The prevailing take on the looming national rail crisis is that a few recalcitrant railroad unions are poised go on strike Dec. 9, provoking an industrywide labor walkout that would inflict a "crippling" blow to the U.S. economy.
The quoted word comes from President Biden, who on Monday called on Congress to impose a contract on the workers and avert the strike.
His concern was echoed by House Speaker Nancy Pelosi, D-California, who indicated that her chamber is ready to do so. In the Senate, both Majority Leader Charles E. Schumer, D-New York, and Minority Leader Mitch McConnell, R-Kentucky, have expressed willingness to go along.
Since Biden is known as firmly pro-labor to an extent not seen in the White House in nine decades, and Pelosi's Democratic Party is generally favorable to organized labor, you might think they're right to put the onus on the unions.
You would be wrong.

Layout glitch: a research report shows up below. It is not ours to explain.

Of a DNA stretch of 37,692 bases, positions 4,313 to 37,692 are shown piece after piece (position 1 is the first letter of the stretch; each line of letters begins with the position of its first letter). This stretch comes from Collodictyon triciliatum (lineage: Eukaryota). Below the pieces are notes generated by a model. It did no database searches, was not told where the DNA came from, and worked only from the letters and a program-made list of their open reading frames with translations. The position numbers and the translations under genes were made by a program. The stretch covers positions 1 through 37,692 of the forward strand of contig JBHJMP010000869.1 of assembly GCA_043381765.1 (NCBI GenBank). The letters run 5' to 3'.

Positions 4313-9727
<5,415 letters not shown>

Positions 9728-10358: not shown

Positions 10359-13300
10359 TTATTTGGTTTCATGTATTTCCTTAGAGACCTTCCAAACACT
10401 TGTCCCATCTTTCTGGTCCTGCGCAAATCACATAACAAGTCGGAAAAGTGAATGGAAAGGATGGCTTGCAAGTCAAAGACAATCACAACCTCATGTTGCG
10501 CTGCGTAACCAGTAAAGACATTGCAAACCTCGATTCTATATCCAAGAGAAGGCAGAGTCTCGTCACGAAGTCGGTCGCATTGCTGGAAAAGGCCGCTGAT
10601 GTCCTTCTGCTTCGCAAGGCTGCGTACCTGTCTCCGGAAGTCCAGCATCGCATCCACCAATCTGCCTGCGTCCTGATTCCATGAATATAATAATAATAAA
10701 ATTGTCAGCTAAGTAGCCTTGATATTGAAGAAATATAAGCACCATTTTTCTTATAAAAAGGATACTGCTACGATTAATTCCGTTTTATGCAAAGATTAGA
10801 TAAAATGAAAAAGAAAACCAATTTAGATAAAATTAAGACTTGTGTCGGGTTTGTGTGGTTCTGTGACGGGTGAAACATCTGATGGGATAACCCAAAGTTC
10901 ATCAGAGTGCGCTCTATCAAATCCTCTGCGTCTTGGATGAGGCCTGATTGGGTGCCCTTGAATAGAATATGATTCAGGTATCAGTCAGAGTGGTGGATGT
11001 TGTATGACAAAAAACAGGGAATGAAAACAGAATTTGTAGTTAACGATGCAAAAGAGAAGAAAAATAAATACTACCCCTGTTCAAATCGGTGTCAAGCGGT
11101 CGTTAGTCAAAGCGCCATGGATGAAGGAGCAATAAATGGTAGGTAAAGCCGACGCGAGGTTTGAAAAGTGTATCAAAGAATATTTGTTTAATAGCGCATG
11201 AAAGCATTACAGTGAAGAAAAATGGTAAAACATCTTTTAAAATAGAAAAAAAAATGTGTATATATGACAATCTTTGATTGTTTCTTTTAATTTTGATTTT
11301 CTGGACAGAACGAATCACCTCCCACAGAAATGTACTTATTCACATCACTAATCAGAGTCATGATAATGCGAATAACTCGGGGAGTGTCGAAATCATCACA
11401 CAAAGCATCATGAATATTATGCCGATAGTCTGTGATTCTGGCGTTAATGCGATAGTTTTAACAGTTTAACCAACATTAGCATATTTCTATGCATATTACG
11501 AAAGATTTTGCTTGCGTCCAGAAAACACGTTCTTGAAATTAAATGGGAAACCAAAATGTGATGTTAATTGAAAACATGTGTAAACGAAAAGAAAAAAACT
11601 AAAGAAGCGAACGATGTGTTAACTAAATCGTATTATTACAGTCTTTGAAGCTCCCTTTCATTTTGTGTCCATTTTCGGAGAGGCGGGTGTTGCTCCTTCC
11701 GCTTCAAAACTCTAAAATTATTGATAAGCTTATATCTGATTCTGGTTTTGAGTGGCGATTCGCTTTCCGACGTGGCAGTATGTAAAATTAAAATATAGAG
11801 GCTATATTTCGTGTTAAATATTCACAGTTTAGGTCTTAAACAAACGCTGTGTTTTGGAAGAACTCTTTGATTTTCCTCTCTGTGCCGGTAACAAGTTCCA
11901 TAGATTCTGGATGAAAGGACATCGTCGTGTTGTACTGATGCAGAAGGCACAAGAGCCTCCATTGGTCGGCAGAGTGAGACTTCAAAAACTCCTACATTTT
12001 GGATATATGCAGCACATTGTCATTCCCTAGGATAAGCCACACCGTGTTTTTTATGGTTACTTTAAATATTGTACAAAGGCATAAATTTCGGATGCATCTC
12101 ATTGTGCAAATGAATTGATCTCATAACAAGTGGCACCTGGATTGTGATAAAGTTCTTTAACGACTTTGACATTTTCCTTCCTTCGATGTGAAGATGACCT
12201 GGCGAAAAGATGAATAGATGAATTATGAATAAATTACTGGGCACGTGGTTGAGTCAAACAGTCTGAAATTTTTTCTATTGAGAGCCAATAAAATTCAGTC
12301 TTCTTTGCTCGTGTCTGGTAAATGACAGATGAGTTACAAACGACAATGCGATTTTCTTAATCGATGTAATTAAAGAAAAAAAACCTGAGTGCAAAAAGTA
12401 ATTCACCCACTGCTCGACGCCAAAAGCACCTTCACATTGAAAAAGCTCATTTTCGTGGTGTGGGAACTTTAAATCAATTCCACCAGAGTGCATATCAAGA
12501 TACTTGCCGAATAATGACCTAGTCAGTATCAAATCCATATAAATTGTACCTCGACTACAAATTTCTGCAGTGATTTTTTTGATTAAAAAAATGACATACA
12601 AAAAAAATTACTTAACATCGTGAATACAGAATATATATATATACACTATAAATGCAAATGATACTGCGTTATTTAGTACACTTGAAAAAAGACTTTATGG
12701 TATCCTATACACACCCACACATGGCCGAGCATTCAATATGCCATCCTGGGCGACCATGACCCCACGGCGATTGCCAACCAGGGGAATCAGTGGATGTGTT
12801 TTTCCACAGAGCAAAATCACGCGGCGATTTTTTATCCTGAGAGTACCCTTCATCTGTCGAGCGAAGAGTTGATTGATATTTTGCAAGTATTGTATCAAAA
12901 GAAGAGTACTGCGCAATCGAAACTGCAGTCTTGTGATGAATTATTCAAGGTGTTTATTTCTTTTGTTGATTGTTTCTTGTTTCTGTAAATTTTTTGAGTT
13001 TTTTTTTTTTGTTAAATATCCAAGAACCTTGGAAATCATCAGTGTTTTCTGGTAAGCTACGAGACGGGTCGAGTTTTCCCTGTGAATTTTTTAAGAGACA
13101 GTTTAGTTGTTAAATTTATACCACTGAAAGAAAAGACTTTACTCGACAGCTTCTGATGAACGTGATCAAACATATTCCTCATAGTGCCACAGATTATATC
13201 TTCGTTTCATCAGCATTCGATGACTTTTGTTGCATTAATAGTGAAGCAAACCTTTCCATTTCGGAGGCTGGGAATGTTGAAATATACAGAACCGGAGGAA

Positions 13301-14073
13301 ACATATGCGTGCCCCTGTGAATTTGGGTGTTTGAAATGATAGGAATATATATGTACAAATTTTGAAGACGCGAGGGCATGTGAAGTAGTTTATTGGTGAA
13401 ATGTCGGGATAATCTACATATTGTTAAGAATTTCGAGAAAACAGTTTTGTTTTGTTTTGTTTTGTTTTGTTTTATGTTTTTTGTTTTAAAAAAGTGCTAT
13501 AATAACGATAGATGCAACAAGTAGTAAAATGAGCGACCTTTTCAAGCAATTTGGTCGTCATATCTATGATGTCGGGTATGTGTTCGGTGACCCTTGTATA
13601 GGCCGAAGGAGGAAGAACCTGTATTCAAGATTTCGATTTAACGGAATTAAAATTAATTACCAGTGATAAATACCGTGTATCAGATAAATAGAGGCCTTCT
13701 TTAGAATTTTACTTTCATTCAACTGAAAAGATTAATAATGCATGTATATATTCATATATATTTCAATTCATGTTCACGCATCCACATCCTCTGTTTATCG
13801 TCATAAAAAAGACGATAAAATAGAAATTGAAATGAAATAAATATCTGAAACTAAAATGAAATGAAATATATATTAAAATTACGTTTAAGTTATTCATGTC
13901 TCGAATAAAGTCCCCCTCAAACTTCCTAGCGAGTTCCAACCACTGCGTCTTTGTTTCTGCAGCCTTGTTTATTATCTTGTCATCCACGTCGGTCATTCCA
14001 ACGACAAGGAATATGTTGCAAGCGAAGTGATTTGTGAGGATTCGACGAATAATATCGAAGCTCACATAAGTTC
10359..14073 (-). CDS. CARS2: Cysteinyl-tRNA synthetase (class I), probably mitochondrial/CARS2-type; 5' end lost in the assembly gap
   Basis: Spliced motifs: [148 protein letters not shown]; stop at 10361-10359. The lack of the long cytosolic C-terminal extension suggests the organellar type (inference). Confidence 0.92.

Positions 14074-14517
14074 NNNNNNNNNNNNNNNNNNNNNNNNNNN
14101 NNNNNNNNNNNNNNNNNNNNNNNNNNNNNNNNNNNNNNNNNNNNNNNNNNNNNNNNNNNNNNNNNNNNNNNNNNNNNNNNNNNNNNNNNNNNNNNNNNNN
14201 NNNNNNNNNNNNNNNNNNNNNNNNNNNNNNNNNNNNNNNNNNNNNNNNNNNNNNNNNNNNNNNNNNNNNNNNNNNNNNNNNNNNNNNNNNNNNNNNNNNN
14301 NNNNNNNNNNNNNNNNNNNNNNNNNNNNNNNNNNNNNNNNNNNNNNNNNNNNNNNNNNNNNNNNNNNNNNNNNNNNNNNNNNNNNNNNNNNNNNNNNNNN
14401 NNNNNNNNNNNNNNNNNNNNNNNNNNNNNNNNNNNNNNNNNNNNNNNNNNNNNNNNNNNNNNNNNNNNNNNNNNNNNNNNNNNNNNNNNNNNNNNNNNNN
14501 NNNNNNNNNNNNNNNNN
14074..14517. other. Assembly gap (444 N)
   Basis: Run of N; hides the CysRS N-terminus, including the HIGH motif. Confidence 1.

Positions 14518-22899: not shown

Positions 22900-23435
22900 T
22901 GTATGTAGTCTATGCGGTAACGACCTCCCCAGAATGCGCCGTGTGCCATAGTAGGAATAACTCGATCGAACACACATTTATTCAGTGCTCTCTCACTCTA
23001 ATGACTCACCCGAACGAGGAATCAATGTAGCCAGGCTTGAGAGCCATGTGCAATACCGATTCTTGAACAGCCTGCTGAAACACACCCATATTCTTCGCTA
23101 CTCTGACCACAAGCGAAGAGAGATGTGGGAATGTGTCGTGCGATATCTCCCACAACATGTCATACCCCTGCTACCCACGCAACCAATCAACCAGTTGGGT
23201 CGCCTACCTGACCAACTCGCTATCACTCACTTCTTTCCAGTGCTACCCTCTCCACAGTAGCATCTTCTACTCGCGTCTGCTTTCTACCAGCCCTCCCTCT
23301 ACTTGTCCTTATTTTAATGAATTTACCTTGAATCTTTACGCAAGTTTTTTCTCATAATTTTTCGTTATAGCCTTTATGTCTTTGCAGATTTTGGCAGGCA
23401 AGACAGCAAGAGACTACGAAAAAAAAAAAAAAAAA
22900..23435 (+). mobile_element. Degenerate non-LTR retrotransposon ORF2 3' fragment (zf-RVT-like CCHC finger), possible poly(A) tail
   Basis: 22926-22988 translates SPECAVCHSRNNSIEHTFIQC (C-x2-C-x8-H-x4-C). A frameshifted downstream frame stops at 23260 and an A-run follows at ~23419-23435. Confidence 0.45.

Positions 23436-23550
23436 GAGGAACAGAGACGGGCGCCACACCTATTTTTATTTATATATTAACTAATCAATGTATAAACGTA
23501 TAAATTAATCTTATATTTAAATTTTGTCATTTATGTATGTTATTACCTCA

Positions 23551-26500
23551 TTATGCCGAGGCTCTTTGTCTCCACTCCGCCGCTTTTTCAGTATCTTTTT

The truth is that the rail strike is being provoked by railroad managements that have absolutely refused to give in on a central goal of the rail unions: the provision of paid sick leave.
Meanwhile, the railroads are absolutely swimming in profits — more than enough to have satisfied the unions' demand and have tens of billions of dollars left over.
Back in September, Biden celebrated what looked like a victory for railroad workers — a contract that gave workers a raise of some 24% over its five-year term, negotiated with White House help.
Since then, however, members of four of the 12 rail unions involved in the negotiations have rejected the deal. Since all 12 must approve the contract for it to go into effect, the rejections mean a strike is looming.
In his statement Monday calling on Congress to step in, Biden noted that "the majority of the unions in the industry have voted to approve the deal." That's misleading, however. The four holdouts represent 60,000 of the 115,000 unionized employees. In other words, while a majority of the unions have approved the contract, a majority of the workers have not. They should have our support.